Tuesday, April 1, 2014
Shane Williams and Warren Bazemore have been playing music together since the “Honeycombs” of the University of South Carolina housed them both in 1994. Through the next decade they would go on to sell more than 70,000 independent albums as Silers Bald (along with Jason Jacobs, Marcus Myers and Laura Story), touring more than 200 days a year and landing a record deal with Essential Records in Nashville. After a three-year break from playing together on a regular basis, Shane and Warren relocated to the coast of South Carolina and started playing and writing together again.
Their first CD as duo Finnegan Bell will be released April 1 in all forms and is titled, “I Was Gone.”
The band name comes from a character in the movie adaptation of “Great Expectations,” which premiered in 1998.
Williams was raised in a literary household and loved how the classic book came to life in the movie in such a modern way. He even named his son Finnegan.
“It's hard to find a name for a band that is not cheesy or ridiculous and I was drawn to the character in the novel. It's every artist's dream to have a benefactor to set you free to do your art,” Williams said.
“I loved the redemption at the end of the movie and our band is kind of like that – come hell or high water ... ”
Bazemore is pleased with the end result.
“Recording an album is a lot like looking back at a yearbook photo,” he said. “You look back and ask yourself, 'I thought that was good? Really?' But we're five months out from recording it and when I listen back, I wouldn't change anything. Which is a new experience for us,” he said.
“Whatever profession you have, as you age and get older, you know more about what you're doing than when you were 18. That was certainly the case with this album from a songwriting standpoint,” Bazemore said.
“It was probably the most mature process from beginning to end that we've had in the best sense of that word.”
The guys grew up together, with Williams performing in singing roles as a child and Bazemore as a child actor. Through the years, songwriting and acoustic guitars set them ablaze to go the folk-rock route.
But what is significant about their songs is their message.
They co-wrote all of the songs together. According to Bazemore, “In Charleston, audiences want to hear something original. That love for original art resonated with us, which is why we both wanted to relocate there for our families and put down roots.”
Both are believers in Christ and balance their time between work, family, bars and church.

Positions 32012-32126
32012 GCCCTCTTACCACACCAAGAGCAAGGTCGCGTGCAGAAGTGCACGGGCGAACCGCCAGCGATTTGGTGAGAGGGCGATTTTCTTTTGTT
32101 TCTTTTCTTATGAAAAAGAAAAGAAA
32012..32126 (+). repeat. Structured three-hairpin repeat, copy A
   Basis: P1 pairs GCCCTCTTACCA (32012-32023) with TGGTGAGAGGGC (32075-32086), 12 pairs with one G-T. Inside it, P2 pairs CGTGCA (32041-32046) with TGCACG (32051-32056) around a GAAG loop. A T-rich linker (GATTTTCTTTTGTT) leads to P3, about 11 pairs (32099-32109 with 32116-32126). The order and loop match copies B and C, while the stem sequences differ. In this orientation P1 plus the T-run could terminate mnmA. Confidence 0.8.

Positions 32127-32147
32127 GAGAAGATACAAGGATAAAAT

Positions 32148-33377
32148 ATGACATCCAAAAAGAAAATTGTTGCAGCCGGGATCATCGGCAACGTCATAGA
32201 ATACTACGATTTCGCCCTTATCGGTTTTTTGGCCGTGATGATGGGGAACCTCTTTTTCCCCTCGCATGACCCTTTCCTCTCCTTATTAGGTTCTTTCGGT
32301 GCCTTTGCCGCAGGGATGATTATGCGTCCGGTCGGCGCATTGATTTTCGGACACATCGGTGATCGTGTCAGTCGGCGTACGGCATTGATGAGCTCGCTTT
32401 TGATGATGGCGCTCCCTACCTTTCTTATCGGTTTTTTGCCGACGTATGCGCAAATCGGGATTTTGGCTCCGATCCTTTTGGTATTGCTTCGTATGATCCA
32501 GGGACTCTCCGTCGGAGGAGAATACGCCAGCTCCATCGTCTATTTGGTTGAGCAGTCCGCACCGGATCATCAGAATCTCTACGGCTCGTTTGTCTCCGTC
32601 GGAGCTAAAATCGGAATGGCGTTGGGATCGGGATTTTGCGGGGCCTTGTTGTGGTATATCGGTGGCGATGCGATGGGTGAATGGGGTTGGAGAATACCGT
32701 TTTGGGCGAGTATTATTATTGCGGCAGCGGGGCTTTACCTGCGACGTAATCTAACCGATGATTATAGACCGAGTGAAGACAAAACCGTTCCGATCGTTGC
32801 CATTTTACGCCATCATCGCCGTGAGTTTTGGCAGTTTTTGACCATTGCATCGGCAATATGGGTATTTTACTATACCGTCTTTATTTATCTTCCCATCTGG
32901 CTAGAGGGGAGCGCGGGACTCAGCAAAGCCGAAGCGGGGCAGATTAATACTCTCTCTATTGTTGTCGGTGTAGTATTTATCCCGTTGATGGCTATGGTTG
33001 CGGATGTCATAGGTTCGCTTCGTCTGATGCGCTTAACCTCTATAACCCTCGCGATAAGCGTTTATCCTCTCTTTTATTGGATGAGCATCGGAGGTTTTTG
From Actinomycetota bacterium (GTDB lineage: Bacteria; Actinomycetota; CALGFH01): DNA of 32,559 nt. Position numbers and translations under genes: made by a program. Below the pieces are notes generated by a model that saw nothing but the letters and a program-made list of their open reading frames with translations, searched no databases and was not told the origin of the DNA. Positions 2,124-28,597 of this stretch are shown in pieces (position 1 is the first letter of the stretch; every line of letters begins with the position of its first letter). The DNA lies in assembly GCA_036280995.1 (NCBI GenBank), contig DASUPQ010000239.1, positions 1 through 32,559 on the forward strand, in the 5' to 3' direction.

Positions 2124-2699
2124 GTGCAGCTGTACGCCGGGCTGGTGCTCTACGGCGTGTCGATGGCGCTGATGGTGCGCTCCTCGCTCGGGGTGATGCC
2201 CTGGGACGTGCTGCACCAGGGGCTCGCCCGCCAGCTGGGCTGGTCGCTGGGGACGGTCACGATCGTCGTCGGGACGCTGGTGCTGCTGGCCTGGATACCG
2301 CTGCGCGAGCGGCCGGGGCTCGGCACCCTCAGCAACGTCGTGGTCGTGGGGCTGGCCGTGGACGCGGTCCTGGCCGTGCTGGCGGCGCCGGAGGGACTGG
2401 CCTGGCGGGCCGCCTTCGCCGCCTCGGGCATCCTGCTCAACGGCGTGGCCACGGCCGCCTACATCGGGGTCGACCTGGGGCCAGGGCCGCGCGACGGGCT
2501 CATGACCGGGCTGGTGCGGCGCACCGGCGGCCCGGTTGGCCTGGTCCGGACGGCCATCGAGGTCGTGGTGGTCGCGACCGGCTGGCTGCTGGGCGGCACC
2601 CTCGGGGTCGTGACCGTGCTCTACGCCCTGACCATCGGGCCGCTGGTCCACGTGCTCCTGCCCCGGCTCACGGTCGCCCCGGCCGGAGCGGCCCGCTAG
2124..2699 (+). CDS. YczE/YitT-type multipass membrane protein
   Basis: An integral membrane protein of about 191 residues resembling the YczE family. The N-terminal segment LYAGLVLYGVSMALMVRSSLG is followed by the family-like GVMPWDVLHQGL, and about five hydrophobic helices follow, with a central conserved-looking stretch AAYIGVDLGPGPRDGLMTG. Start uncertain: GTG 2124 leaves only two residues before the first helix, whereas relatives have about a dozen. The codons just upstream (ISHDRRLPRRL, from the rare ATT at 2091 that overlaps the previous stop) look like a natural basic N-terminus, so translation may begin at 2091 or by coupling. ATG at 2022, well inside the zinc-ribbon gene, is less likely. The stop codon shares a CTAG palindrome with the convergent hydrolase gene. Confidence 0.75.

While that might not sound like a traditional band member's life, it is the norm for Bazemore and Williams.
Their lives are all about community and relationships and their music leads them to both.
“Faith is a huge part of what we do,” Williams said.
He is the Worship Arts Director and Cultural Ambassador for St. Thomas Anglican Church. Bazemore is alongside him every Sunday.
The congregation there are their biggest fans, Williams explained, encouraging them as humans first and then artists.
They still perform at church-type musical events, but professionally, the two know now there is a place in the market that pushes songwriters to be thoughtful in exploring the big picture topics.
“That resonates with us to be honest in our songwriting and lyrically it feels more like storytelling,” said Bazemore. “And in that, our statement will come out because it is an intrinsic part of who we are.
“Our goal has always been to lead with excellent art and go make it to the best to our ability and that is influenced by our faith.”
Bazemore makes his home in Murrells Inlet but travels to the Lowcountry often, where he works with his father-in-law as vice president of Sunbelt Business Brokers.
But he was told, when you marry a Charleston girl, you will inevitably move there. They are now making that inevitable march to the coast by putting their house on the market.
And like his wife's deep love for this city, Bazemore and Williams feel the same.
It is evident in their lyrics.
“We write about common experiences for people who live in the state, from family, the coast, successes and struggles.”
The duo performs many shows in the Pawleys Island area and in Charleston.
At first, bar owners booking bands were leery of “the church kids.”
They used to play Christian Rock. But their talent was undisputed and Finnegan Bell quickly gained traction among watering holes and their patrons in the Grand Strand area.
They've developed quite a following in the Lowcountry as well, playing twice a month at The Rutledge Cab Company and they're booked for Aug. 24 at The Windjammer.
The album release party for “I Was Gone” will be held at The Rutledge Cab Company on April 5 from 3 to 6 p.m., after the Cooper River Bridge Run.
The ten-song CD will be on sale there and the band will perform songs from the album.
Visit www.finneganbell.com to learn more.